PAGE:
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Probing the (Il)logic: Another Open Letter to Rick Manning

Mr. Rick Manning, President
Americans for Limited Government

Mr. Manning:

Again today – the third time this week! – your organization blasted out an e-mail beseeching Pres. Trump to punitively tax Americans who buy low-priced Mexican sugar.  You must really fear the damage that you suppose is done to an economy whenever its consumers gain increased access to goods and services.

So I’ve a question: why your bush-league focus on sugar from Mexico?  Why not go big league?!  Why not unfurl the logic of your economics to its full glory?  Why don’t you also urge Pres. Trump, for example, to

– raise capital-gains, corporate, and personal income tax rates to confiscatory levels;

– slap sky-high taxes on all carbon emissions;

– impose a great deal more crushing government regulations on U.S. businesses;

– mandate occupational licensing for all trades and jobs;

– outlaw all education in S.T.E.M. subjects; indeed, outlaw all education;

– transform his plan to improve America’s infrastructure into a plan to destroy America’s infrastructure;

– encourage the Fed to fuel hyperinflation by flooding the economy with newly created dollars?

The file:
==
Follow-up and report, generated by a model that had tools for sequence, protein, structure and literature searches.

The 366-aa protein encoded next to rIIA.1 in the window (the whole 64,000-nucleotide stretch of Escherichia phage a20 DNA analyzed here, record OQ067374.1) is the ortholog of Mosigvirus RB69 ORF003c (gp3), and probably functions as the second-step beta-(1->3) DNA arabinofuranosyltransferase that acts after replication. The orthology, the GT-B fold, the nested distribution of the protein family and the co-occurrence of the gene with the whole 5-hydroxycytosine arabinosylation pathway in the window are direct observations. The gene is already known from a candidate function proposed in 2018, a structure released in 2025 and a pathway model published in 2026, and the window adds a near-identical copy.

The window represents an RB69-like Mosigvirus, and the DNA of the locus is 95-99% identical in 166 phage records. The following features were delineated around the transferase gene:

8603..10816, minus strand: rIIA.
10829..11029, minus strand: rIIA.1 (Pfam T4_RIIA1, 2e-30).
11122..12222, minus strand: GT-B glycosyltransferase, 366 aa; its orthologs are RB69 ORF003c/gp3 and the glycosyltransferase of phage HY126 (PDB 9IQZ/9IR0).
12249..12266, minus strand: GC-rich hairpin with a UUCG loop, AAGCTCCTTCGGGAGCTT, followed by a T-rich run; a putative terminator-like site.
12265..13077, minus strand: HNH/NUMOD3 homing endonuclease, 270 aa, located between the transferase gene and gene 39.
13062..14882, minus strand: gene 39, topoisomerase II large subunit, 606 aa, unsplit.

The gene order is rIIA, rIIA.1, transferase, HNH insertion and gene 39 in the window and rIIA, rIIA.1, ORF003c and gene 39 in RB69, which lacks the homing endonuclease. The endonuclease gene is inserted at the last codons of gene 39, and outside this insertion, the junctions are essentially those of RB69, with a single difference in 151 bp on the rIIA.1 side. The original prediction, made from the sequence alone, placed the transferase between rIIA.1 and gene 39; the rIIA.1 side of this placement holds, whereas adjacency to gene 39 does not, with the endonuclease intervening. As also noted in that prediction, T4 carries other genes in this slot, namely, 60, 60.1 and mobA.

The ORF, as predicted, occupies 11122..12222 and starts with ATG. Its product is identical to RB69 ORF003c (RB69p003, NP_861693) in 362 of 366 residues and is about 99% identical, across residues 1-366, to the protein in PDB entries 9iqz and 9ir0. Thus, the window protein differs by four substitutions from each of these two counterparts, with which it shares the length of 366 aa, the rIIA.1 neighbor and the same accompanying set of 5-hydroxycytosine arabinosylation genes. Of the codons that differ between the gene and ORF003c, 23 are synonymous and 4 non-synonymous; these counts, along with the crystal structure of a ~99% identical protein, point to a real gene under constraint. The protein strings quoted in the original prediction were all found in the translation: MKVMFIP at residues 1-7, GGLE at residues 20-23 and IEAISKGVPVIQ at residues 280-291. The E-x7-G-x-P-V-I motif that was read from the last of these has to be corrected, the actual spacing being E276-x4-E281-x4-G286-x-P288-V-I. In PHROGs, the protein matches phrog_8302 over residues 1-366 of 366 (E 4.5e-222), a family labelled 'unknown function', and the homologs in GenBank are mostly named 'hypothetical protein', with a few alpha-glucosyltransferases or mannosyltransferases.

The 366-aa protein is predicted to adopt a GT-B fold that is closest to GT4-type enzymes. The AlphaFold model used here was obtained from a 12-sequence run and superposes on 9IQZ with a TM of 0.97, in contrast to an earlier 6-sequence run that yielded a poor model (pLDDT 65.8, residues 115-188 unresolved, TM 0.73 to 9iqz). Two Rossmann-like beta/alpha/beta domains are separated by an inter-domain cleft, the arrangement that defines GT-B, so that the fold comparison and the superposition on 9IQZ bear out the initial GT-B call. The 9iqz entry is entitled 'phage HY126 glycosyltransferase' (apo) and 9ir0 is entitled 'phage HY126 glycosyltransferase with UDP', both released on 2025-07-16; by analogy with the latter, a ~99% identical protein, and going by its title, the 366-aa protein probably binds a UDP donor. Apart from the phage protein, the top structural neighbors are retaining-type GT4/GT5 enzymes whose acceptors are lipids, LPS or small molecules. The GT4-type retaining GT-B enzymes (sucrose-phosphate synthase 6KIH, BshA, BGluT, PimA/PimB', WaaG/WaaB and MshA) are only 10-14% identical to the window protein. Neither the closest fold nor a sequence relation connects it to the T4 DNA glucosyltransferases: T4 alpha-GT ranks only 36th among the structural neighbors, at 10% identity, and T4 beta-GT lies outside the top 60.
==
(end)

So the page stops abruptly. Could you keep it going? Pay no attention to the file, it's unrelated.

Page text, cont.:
If the economic reasoning used to justify artificial restrictions on Americans’ access to sugar is sound, then you’ll applaud the genius of the above proposals.  Each proposal, if adopted, will artificially restrict Americans’ access not only to sugar but also to all other goods and services.  These government-engineered supply restrictions will – again, if your economics is sound – only add to the great abundance of material prosperity that you obviously believe will spring from enforced dearth.

I’m eager to see if your future e-mail blasts reveal that you consistently follow the logic of that strange species of economics that leads you to believe that Americans are enriched by restrictions on their access to goods and services.

Donald J. Boudreaux
Professor of Economics
Martha and Nelson Getchell Chair for the Study of Free Market Capitalism at the Mercatus Center
George Mason University
Fairfax, VA  22030